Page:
With the first wave of free agency slowly starting to ebb, the New England Patriots still have a significant portion of players unaccounted for. In total, eight of their 18 free agents have yet to either re-sign with the Patriots or join another team.
Among those eight is Trent Brown. While the door is not closed on him returning to New England, the team’s starting right tackle is exploring his options before making a decision.
The Patriots allowing Brown to make it to the open market one year after re-acquiring him via trade from the Las Vegas Raiders is not without its risks. For example, the 28-year-old is currently in Seattle taking a visit with the Seahawks. Brown told CBS Sports’ Josina Anderson before that trip that New England was “still in the mix” and that he would be “open to weighing other contenders,” but things can change quickly this time of the year.
The Patriots, of course, have been down this road before. More than once in the past, they allowed their marquee talent to dip into the free agency pool while simultaneously keeping an open line of communication.
It appears the same is happening with Trent Brown’s representation led by agent Drew Rosenhaus.
In the past, this approach has worked out quite a few times for the Patriots. Safety Devin McCourty and linebacker Dont’a Hightower, for example, entered free agency in 2015 and 2017, respectively, and were eventually retained by the Patriots. Center David Andrews traveled down that road just last year.
Andrews tested free agency and came close to signing with the Miami Dolphins, even reaching a point at which New England brought back Ted Karras on a one-year contract. In the end, however, the two sides were able to work things out; Andrews re-signed with the Patriots on a four-year, $19 million contract.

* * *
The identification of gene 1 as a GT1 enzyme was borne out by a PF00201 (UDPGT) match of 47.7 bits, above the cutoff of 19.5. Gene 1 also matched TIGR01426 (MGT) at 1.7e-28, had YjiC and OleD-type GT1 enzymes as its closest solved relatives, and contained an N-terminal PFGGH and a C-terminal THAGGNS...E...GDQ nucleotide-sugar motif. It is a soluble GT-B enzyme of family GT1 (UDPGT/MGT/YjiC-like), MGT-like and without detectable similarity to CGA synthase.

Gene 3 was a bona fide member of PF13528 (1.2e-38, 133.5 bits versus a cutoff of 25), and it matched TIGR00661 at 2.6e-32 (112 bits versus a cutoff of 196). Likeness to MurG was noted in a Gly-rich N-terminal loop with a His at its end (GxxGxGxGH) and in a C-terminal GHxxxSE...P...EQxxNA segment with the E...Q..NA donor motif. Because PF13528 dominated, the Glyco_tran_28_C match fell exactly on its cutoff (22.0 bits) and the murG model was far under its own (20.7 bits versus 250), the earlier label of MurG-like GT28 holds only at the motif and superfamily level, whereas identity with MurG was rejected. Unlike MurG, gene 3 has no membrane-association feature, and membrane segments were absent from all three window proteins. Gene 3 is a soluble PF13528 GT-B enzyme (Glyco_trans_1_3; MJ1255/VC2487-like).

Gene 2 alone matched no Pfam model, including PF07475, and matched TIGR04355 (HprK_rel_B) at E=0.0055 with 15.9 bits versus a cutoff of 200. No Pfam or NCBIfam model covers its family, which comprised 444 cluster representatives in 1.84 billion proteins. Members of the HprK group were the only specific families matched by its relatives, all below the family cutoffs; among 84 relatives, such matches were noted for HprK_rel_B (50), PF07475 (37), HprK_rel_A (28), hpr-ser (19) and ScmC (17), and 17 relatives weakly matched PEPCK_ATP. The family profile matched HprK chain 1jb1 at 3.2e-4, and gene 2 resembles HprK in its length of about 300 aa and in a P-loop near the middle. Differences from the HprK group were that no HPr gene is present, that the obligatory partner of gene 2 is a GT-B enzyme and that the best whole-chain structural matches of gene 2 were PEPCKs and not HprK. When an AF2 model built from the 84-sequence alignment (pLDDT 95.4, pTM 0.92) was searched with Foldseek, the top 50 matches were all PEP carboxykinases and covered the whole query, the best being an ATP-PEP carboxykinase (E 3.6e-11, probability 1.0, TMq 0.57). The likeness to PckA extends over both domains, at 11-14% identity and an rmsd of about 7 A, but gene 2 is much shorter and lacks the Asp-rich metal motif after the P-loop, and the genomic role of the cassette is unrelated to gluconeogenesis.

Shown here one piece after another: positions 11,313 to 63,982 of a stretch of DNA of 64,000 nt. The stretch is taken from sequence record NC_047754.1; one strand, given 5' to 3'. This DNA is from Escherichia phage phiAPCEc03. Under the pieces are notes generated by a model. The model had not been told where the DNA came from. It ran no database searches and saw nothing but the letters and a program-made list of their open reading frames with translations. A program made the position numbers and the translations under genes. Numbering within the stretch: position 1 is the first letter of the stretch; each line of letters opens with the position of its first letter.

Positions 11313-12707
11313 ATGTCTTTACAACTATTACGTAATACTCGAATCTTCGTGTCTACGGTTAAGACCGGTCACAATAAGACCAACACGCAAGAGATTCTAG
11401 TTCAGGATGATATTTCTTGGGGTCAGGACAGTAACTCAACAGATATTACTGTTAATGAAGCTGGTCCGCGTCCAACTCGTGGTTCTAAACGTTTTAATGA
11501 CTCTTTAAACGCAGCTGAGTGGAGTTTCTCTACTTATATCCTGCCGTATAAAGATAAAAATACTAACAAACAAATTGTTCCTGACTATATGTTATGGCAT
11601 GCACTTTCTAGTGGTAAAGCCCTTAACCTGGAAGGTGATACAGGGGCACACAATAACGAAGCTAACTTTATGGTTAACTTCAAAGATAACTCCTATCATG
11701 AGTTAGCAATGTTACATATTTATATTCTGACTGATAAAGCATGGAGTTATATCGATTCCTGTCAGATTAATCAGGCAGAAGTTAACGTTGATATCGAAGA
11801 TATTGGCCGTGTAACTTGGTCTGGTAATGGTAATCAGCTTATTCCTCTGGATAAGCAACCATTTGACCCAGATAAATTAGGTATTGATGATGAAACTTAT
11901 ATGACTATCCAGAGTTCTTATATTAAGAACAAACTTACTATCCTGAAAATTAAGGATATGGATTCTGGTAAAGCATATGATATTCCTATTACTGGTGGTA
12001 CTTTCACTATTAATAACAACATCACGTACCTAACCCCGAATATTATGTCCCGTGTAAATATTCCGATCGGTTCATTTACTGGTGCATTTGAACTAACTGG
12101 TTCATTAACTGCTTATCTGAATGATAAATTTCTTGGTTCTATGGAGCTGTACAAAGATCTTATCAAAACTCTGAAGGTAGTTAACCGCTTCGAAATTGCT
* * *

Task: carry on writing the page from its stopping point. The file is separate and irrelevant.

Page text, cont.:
Six years earlier, McCourty received competitive offers from three clubs, including the Philadelphia Eagles. While he did came close to signing with the Eagles, the long-time team captain gave the Patriots an opportunity to come up with a counter-offer. New England did just that, preventing him from taking his talents elsewhere.
“Financially, they stepped up and hit all the numbers I wanted,” McCourty said at the time.
The Patriots faced a similar situation with Hightower in 2017 and took the same approach. His market developed more slowly than McCourty’s two years earlier, in part because the veteran defender took his time to visit three clubs vying for his services. Throughout the process, however, his camp remained in contact with the Patriots and he ultimately re-signed on a four-year, $35.5 million deal.
Now, Trent Brown is in a similar situation. While his status is slightly different than that of Andrews, McCourty or Hightower — all of them team captains who never wore another uniform — his qualities as a player are similar.
The Patriots seem willing to do what they have done oftentimes before, though: sit back and let things run its course, stepping forward when they feel the need to do so. Andrews, McCourty and Hightower have shown that this method of negotiation, while risky, can very much work out in New England’s favor.
Considering how many losses the team already suffered along its offensive line after watching Ted Karras leave and trading away Shaq Mason, it has to hope that the result is the same this time around.